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Bridge Medical

Dr. C. Everett Koop's eventful tenure as U.S. Surgeon General from November 1981 to October 1989 greatly enhanced public awareness of a variety of pressing health concerns. Since his resignation as Surgeon General, Dr. Koop has continued to be a force for public health and health education through writings, electronic media, public appearances, and as Senior Scholar of the C. Everett Koop Institute at Dartmouth.

Dr. Koop delivered the keynote address at the "Beyond Blame" presentation sponsored by Bridge Medical on December 9, 1997 during the ASHP meeting in Atlanta. Below is a summary of his remarks.


Dr. Koop called on pharmacists, physicians, nurses, and other health care providers to join in an effort to implement systemic changes in the way medications are ordered, prepared, and delivered to patients in order to reduce medication errors and adverse drug events. His comments focused on three themes: trust, responsibility, and opportunity.

Dr. Koop stated that trust between patients and health care providers is the foundation of health care. He noted, however, that the public is becoming increasingly aware of the problem of medication errors and many people no longer trust health care institutions to hold the interests and safety of the patient above all else. The growing problem of medication errors and adverse drug events in hospitals, therefore, threatens not only patient safety but also the essential relationship of trust between patients and health care providers.

He acknowledged that in the current environment, with its economic pressures, hospital reorganizations, and fast-paced technological innovation, it is often a challenge for pharmacists, nurses, and physicians to spend the amount of time they would like to with their patients. However, he urged all health care providers to develop a relationship of trust with patients by establishing meaningful one-to-one communication with them and by enlisting them as partners in maintaining health and treating illness.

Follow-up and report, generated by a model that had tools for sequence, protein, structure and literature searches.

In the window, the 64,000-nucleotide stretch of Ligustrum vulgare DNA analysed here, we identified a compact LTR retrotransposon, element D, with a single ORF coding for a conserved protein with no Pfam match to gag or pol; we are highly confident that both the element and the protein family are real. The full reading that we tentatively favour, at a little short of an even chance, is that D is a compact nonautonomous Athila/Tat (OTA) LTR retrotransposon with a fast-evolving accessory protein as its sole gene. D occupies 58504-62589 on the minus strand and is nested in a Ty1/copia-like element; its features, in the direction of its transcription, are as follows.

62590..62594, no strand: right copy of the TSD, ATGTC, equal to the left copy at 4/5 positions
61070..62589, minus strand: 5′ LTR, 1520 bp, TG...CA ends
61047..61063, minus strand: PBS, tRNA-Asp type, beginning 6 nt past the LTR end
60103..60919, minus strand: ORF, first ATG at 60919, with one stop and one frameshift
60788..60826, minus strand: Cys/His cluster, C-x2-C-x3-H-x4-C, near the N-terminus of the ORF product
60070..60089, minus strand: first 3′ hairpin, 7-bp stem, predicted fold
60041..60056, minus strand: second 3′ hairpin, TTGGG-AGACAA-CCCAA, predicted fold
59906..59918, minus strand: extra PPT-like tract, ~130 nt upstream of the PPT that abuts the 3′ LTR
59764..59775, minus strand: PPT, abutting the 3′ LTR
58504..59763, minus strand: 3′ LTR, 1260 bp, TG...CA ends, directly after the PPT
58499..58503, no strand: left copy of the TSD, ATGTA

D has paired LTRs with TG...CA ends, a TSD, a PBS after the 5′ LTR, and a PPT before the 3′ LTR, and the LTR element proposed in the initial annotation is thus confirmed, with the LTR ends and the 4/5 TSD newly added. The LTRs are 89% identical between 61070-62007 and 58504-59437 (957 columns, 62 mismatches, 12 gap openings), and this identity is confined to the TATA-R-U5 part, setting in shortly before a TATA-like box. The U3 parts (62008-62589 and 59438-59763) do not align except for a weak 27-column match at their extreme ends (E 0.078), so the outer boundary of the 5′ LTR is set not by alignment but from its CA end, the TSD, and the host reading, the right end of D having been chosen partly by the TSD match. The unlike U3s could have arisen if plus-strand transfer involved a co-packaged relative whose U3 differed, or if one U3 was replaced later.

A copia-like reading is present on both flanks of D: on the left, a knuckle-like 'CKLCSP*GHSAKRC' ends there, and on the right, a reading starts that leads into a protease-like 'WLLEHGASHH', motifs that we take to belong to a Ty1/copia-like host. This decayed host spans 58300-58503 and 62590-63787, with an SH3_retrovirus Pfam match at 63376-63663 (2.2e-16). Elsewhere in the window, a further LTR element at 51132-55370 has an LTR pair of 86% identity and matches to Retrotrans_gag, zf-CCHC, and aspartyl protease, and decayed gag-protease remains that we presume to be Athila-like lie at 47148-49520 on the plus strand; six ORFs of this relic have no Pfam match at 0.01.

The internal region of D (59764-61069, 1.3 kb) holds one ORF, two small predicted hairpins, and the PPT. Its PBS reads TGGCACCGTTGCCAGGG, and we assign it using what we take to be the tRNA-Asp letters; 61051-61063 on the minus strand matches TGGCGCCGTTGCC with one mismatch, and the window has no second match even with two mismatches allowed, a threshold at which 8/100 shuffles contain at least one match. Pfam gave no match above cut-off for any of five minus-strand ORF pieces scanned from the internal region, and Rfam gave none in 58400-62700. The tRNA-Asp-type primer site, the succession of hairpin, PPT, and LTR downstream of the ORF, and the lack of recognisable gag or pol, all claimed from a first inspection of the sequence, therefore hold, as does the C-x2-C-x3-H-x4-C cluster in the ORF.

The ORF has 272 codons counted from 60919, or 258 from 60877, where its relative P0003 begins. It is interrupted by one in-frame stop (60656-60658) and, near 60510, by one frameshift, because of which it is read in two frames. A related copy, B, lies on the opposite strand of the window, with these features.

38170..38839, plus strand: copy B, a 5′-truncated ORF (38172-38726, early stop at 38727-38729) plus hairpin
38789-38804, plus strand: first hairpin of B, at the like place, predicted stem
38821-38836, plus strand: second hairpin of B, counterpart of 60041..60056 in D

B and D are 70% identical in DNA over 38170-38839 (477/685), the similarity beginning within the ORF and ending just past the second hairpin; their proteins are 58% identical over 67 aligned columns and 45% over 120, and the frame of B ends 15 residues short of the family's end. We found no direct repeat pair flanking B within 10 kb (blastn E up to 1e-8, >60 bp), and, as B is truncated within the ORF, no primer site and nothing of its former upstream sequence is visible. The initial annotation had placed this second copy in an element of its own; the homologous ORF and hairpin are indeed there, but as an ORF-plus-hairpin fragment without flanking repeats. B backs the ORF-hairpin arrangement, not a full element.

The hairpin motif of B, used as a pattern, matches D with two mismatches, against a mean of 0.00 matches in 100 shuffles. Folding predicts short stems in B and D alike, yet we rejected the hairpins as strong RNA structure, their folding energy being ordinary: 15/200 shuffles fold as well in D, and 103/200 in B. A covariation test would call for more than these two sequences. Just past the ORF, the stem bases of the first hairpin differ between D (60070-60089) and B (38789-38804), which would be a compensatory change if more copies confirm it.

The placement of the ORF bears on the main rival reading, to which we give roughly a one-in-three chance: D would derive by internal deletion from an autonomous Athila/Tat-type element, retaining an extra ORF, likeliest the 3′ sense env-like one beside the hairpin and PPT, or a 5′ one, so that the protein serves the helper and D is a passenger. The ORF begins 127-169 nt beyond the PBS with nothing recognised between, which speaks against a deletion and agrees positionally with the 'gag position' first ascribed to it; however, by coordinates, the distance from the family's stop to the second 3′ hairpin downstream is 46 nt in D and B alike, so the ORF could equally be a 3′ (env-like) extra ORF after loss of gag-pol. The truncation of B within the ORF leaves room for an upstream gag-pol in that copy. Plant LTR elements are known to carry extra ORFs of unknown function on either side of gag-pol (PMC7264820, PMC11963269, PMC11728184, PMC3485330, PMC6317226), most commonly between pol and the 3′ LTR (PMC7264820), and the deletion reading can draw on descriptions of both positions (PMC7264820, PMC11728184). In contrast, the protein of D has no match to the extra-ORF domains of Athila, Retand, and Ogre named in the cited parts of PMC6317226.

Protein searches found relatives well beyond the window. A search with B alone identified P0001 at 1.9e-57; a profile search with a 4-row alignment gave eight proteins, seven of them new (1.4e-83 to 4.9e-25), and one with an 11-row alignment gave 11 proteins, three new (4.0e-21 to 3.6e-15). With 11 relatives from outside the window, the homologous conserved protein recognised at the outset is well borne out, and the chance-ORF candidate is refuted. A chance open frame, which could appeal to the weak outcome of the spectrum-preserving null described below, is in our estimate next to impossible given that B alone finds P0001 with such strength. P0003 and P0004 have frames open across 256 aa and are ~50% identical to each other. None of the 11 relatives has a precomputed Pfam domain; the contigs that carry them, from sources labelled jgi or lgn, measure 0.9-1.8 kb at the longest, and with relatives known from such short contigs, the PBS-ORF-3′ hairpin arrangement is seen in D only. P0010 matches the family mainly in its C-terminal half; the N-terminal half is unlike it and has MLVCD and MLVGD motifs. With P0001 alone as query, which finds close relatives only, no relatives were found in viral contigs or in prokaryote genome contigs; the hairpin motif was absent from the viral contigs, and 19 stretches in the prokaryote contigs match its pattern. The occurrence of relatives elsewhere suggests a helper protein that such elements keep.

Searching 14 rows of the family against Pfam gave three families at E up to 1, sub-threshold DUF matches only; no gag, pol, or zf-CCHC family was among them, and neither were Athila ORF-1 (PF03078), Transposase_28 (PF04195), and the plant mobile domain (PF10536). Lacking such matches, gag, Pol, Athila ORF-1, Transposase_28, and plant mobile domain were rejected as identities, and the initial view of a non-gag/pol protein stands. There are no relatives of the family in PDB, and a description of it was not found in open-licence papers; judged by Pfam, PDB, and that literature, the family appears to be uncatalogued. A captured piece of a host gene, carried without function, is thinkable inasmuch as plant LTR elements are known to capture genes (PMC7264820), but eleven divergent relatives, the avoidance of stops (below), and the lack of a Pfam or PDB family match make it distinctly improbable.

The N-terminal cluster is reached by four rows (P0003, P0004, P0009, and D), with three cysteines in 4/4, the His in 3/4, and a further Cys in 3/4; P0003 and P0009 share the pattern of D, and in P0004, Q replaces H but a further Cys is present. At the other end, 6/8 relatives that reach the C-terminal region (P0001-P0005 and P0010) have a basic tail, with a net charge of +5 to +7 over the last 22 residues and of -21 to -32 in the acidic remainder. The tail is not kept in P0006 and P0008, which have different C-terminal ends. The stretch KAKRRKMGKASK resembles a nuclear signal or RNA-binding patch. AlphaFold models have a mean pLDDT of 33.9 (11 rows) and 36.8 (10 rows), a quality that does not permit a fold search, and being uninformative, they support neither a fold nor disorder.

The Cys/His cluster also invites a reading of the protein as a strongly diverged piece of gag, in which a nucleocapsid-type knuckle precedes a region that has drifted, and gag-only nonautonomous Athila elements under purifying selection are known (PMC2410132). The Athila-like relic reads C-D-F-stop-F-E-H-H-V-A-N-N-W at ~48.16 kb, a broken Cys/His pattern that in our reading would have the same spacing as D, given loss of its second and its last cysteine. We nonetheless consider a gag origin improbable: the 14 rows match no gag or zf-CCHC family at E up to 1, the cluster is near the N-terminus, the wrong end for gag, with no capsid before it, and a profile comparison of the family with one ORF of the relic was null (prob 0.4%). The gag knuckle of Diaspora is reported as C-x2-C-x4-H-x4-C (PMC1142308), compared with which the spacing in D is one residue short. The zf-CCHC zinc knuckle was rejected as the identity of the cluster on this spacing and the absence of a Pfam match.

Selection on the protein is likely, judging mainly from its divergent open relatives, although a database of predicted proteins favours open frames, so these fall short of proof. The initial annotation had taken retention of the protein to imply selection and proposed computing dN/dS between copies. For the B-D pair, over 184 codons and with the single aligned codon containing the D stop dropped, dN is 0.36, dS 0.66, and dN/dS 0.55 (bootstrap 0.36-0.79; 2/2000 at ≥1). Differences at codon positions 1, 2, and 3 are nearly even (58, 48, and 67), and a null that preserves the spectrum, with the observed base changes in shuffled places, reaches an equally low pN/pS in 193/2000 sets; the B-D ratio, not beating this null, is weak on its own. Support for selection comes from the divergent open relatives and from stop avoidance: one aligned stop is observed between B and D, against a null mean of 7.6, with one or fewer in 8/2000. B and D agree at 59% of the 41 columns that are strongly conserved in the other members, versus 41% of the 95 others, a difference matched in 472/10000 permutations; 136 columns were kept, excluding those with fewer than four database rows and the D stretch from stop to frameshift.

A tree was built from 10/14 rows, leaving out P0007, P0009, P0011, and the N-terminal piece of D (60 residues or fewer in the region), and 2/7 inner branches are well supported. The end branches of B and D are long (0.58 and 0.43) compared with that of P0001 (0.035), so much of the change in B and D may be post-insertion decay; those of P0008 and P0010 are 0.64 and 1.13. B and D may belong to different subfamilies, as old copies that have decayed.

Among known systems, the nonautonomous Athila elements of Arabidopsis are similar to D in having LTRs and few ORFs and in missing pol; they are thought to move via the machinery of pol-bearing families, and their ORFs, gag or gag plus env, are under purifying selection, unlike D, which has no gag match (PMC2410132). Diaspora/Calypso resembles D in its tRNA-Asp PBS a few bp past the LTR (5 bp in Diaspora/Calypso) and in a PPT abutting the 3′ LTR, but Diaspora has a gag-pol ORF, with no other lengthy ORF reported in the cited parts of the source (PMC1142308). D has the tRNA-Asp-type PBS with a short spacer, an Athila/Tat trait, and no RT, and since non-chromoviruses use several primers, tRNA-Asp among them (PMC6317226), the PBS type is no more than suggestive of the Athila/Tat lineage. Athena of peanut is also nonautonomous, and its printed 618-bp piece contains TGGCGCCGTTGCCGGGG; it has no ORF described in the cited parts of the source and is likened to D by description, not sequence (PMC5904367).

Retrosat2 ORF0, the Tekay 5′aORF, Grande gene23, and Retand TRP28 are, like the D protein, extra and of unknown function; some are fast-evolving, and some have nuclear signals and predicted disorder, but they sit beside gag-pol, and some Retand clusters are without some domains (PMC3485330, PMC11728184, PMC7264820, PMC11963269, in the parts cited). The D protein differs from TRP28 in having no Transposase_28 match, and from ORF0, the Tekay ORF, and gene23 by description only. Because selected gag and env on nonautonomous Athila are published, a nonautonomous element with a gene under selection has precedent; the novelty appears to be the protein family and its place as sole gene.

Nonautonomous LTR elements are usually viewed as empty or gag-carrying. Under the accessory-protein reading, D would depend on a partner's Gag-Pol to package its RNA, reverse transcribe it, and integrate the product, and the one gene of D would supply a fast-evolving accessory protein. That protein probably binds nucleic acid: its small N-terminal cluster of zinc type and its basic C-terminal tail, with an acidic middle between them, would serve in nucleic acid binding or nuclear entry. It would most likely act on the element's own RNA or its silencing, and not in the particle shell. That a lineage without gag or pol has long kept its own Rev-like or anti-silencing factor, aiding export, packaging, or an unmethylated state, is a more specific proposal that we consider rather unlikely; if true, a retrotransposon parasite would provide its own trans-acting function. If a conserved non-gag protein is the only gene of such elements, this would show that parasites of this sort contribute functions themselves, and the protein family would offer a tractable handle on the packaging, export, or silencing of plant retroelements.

To be worthy of this trust, Dr. Koop emphasized that health care providers must live up to their primary responsibility which is to put the safety and welfare of the patient above all other considerations. He conceded that this often can be a challenge since pharmacists, doctors, and nurses also have significant and sometimes conflicting responsibilities to their employers, co-workers, and others. Such circumstances, he noted, frequently are related to economic issues. For example, people who manage health care entities may establish policies that are intended to reduce costs without having an understanding of their clinical implications. Consequently, clinicians may be asked to cut staff or services that they believe are needed to provide quality patient care. Dr. Koop stated that health care professionals who believe patient safety is being compromised in their institutions therefore have the additional responsibilities of educating senior management, explaining why a different approach to care is needed, and urging their colleagues and professional organizations to advocate patient interests.

Dr. Koop encouraged all health care providers to work together in an atmosphere of mutual respect to defend patient interests and improve patient outcomes. He emphasized that only through interdisciplinary cooperation and the willingness to look at new and better solutions can the complex system of delivering medication to patients be improved. In conclusion, Dr. Koop maintained that by implementing medication delivery systems that are designed to reduce medication errors and adverse drug events, health care providers will find new opportunities for their institutions, for they will have the tools needed to continually improve the quality of drug therapy and reduce costs.